The classical study of human nature which depicts the degeneration of a group of schoolboys marooned on a desert island.
lord of the flies
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The classic novel by William Golding With a new Introduction by Stephen King "To me Lord of the Flies has always represented what novels are for, what makes them indispensable." -Stephen King Golding's classic, startling, and perennially bestselling portrait of human nature remains as provocative today as when it was first published. This beautiful new edition features French flaps and rough fronts, making it a must-have for fans of this seminal work. William Golding's compelling story about a group of very ordinary small boys marooned on a coral island has become a modern classic. At first it seems as though it is all going to be great fun; but the fun before long becomes furious and life on the island turns into a nightmare of panic and death. As ordinary standards of behaviour collapse, the whole world the boys know collapses with them—the world of cricket and homework and adventure stories—and another world is revealed beneath, primitive and terrible. Lord of the Flies remains as provocative today as when it was first published in 1954, igniting passionate debate with its startling, brutal portrait of human nature. Though critically acclaimed, it was largely ignored upon its initial publication. Yet soon it became a cult favorite among both students and literary critics who compared it to J.D. Salinger's The Catcher in the Rye in its influence on modern thought and literature. Labeled a parable, an allegory, a myth, a morality tale, a parody, a political treatise, even a vision of the apocalypse, Lord of the Flies has established itself as a true classic.
Discusses the writing of Lord of the flies by William Golding. Includes critical essays on the work and a brief biography of the author.
Discusses the Lord of the Flies by William Golding, offering information on the author's life, the book's historical background, and literary analysis of the novel, including a plot summary, and character information.
William Golding was born in 1911 and educated at his local grammar school and Brasenose College, Oxford. He published a volume of poems in 1934 and during the war served in the Royal Navy. Afterwards he returned to being a schoolmaster in Salisbury. Lord of the Flies, his first novel, was an immediate success, and was followed by a series of remarkable novels, including The Inheritors, Pincher Martin and The Spire. He won the Booker Prize for Rites of Passage in 1980, was awarded the Nobel Prize for Literature in 1983, and was knighted in 1988. He died in 1993.
The boy with fair hair lowered himself down the last few feet of rock and began to pick his way towards the lagoon. Though he had taken off his school sweater and trailed it now from one hand, his grey shirt stuck to him and his hair was plastered to his forehead. All round him the long scar smashed into the jungle was a bath of heat. He was clambering heavily among the creepers and broken trunks when a bird, a vision of red and yellow, flashed upwards with a witch-like cry; and this cry was echoed by another.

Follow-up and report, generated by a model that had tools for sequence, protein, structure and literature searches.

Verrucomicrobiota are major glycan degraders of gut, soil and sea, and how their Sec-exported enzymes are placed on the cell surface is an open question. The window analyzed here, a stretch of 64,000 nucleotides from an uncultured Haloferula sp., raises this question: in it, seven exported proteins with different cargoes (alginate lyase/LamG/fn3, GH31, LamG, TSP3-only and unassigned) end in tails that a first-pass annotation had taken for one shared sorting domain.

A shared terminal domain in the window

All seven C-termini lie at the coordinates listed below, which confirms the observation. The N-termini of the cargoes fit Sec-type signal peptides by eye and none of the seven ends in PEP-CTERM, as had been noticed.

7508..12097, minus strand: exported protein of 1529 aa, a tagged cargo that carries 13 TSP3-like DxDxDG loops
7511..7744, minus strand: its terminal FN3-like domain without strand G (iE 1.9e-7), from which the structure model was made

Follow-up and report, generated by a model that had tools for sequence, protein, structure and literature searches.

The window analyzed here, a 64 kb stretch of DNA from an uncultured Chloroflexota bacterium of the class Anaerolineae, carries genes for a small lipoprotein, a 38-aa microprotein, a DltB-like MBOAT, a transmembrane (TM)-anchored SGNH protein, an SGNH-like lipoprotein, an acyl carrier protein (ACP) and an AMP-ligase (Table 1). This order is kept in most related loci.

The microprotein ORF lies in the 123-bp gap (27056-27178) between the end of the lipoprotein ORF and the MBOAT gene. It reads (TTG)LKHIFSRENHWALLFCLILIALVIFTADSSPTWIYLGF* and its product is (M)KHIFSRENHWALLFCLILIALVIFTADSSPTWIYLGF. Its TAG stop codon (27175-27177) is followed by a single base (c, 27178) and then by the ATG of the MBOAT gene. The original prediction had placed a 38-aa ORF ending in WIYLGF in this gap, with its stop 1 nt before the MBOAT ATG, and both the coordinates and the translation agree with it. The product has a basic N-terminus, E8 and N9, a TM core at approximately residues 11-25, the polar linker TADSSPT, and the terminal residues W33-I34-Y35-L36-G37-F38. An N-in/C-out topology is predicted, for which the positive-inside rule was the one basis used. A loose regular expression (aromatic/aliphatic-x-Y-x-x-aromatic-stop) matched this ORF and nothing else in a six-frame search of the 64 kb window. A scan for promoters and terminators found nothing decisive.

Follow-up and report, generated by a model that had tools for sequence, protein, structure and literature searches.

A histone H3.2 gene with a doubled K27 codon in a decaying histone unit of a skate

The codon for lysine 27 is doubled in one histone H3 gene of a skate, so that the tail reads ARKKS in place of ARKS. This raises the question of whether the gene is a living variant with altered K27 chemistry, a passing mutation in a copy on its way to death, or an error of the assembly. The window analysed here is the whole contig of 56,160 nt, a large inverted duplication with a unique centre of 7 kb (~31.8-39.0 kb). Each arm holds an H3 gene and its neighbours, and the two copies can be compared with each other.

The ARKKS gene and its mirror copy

A seemingly simple tale of schoolboys marooned on an island, Lord of the Flies has proven to be one of the most enigmatic and provocative pieces of literature ever published. This casebook probes the many layers of meaning in the novel, examining its literary, philosophical, historical, scientific, and religious significance. Beginning with a literary analysis that explores the universality of the novel's characters, the story is considered as subversion of the adventure tale, comparing it to such classics as Treasure Island and Robinson Crusoe. From these literary depictions of savagery, this study delves deeper, confronting the long-running philosophical and biological debates about human nature that have absorbed such influential thinkers as Rousseau and Darwin. The full meaning of Lord of the Flies is further contextualized by tracing historical views on civilization, from the Victorian perspective, to the very real horrors of World War II. This casebook integrates analysis and primary documents, with excerpts from materials as diverse as the Bible, the writings of Darwin, and war crimes interviews, to explore the very nature of human aggression and evil. This book will spark students to consider intriguing connections between Golding's masterpiece and broader concepts of civilization, altruism, political leadership responsibilities, and the history of western imperialism. The interdisciplinary approach of this casebook helps students situate the lessons of Lord of the Flies in the context of Education, War and Postwar, the Adventure Story, Religion, and Biology and Evolution. The six topic sections integrate original illustrations and photos, literary excerpts, and primary documents and historic writings that help contextualize the work. Thought-provoking ideas for class discussions and research topics, with carefully chosen further reading suggestions enhance this volume as a teaching tool.
Presents essays that examine the treatment of violence in "Lord of the Flies," discussing such topics as puberty, male violence, innate corruption, and class violence.
Patrick Reilly illuminates Lord of the Flies's place within the Swiftian tradition and looks beyond the novel as a tale of pure lament, finding it a work of joyful imagination that expresses hope.